Accordingly, the only undisputed facts upon which the district court could have properly based its role enhancement determination are these: Martinez “orchestrated” drug shipments; Martinez was directly involved in the wire transfer of $343,729 of drug proceeds (there was a total of approximately $650,000 of drug proceeds involved in this case); and Martinez, along with his co-conspirators, “utilized other individuals” to mail and receive drug shipments.
Those facts are not enough. They do not establish, standing alone or in concert, any of the seven factors set forth in Comment Four to Section 3B1.1: 1) decision making authority, 2) nature of participation, 3) recruitment, 4) larger share in profits, 5) degree of participation in planning and organizing, 6) nature and scope of the offense, and 7) the degree of control and authority exercised. U.S.S.G. § 3B1.1 cmt. n.4.
As for the first factor, there is no undisputed evidence that Martinez exercised decision-making authority over anyone in this conspiracy. The term “orchestrate” is not synonymous with control, supervise, or manage. Indeed, Webster's Third New International Dictionary 1587 (2002) defines “orchestrate” as “to arrange, develop, organize, or combine so as to achieve a desired or maximum effect.” Thus, to “orchestrate” may mean no more than to organize or coordinate a particular transaction, as opposed to creating the transaction, managing the transaction, or otherwise exercising authority over the transaction. While a person who orchestrates a transaction may also be one who authorizes and supervises the transaction, the orchestrator just as easily could be a subordinate charged with dealing with the relatively minor details of completing that transaction. See United States v. Quigley, 373 F.3d 133, 138-40 (D.C.Cir.2004) (holding that “orchestrator” did not necessarily imply that a defendant occupied the “hierarchical relationship” necessary to satisfy Section 3B1.1). And, because the PSI contains no undisputed facts as to how Martinez organized or directed drug shipments, nor did the government provide any further details at the sentencing hearing, it is impossible to know what degree, if any, of decision-making authority Martinez possessed. In Alred, we made clear that merely distributing drugs and making arrangements for the delivery and sale of drugs between the buyer and the seller is not enough to demonstrate a leadership role under Section 3B1.1(a). 144 F.3d at 1422. In short, there is precious little we can infer from the bare, undisputed record that Martinez exercised any position of leadership or authority over his co-conspirators, or that it was somehow his idea to undertake any of the criminal activities.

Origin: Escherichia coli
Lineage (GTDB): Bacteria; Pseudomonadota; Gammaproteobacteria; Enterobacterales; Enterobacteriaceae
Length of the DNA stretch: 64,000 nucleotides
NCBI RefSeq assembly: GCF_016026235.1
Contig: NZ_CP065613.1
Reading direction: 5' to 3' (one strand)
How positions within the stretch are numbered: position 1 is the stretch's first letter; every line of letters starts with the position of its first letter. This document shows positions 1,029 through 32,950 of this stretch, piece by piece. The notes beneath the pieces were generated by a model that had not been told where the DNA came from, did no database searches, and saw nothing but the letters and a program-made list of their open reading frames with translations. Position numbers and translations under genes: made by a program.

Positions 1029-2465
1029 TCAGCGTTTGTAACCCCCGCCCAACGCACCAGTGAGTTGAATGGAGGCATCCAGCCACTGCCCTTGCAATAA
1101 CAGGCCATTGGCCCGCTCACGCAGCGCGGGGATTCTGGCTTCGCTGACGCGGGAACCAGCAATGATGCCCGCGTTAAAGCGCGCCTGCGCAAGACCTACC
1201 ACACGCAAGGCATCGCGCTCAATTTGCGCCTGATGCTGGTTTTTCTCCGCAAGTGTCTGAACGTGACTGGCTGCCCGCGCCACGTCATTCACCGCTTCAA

The same analysis applies to the second factor: nature of the participation. Martinez's admissions in the plea colloquy do not illuminate his “relative responsibility,” U.S.S.G. § 3B1.1 cmt. (bckg'd), vis à vis his unindicted co-conspirators. The facts to which Martinez acceded merely reveal that he acted in concert with his co-conspirators in shipping, transferring money, and concealing their conspiracy.
The third, fourth and fifth factors are similarly unavailing. There is no undisputed evidence in the PSI that Martinez recruited any of his co-conspirators. There is no evidence that Martinez claimed a larger share of the fruits of the crime; indeed, in the Offender Characteristics section, the PSI says that Martinez is destitute and lives in a small mobile home “in an impoverished rural area.” (PSI ¶ 47). If he claimed a greater share of the profits, it was not apparent from the unchallenged sections of the PSI or from the plea colloquy. Nor is it clear whether Martinez coordinated drug shipments and received drug proceeds via wire transfers independently, in concert with, or at the behest of and under the direction of a supervisor who planned and organized the overall scheme. In fact, at the sentencing hearing, Martinez alleged that he did not know who the leader of the group was. (Hr'g Trans. Sentencing 75). None of these factors are adequately supported by the unchallenged facts in the record.
Finally, as for the sixth and seventh factors, the record contains no undisputed evidence demonstrating that Martinez exercised any control or authority over others; Martinez repeatedly objected to any references to the conspiracy being his “network” or “organization,” or that any of his co-conspirators were “members” of “his organization.” It is not clear that this is one of the “larger enterprises that tend to have clearly delineated divisions of responsibility” that U.S.S.G. § 3B1.1 contemplated. U.S.S.G. § 3B1.1 cmt. bckg'd. And the government introduced nothing at the sentencing hearing in support of the PSI's claim that Martinez exercised control and authority over others. The only undisputed evidence presented in this record is that Martinez, along with his co-conspirators, “utilized other individuals” to mail and receive drug shipments. This fact, phrased by the prosecutor at the plea allocution as joint action, presents no indicia of control or authority exercised over the co-conspirators charged with mailing and receiving drug shipments.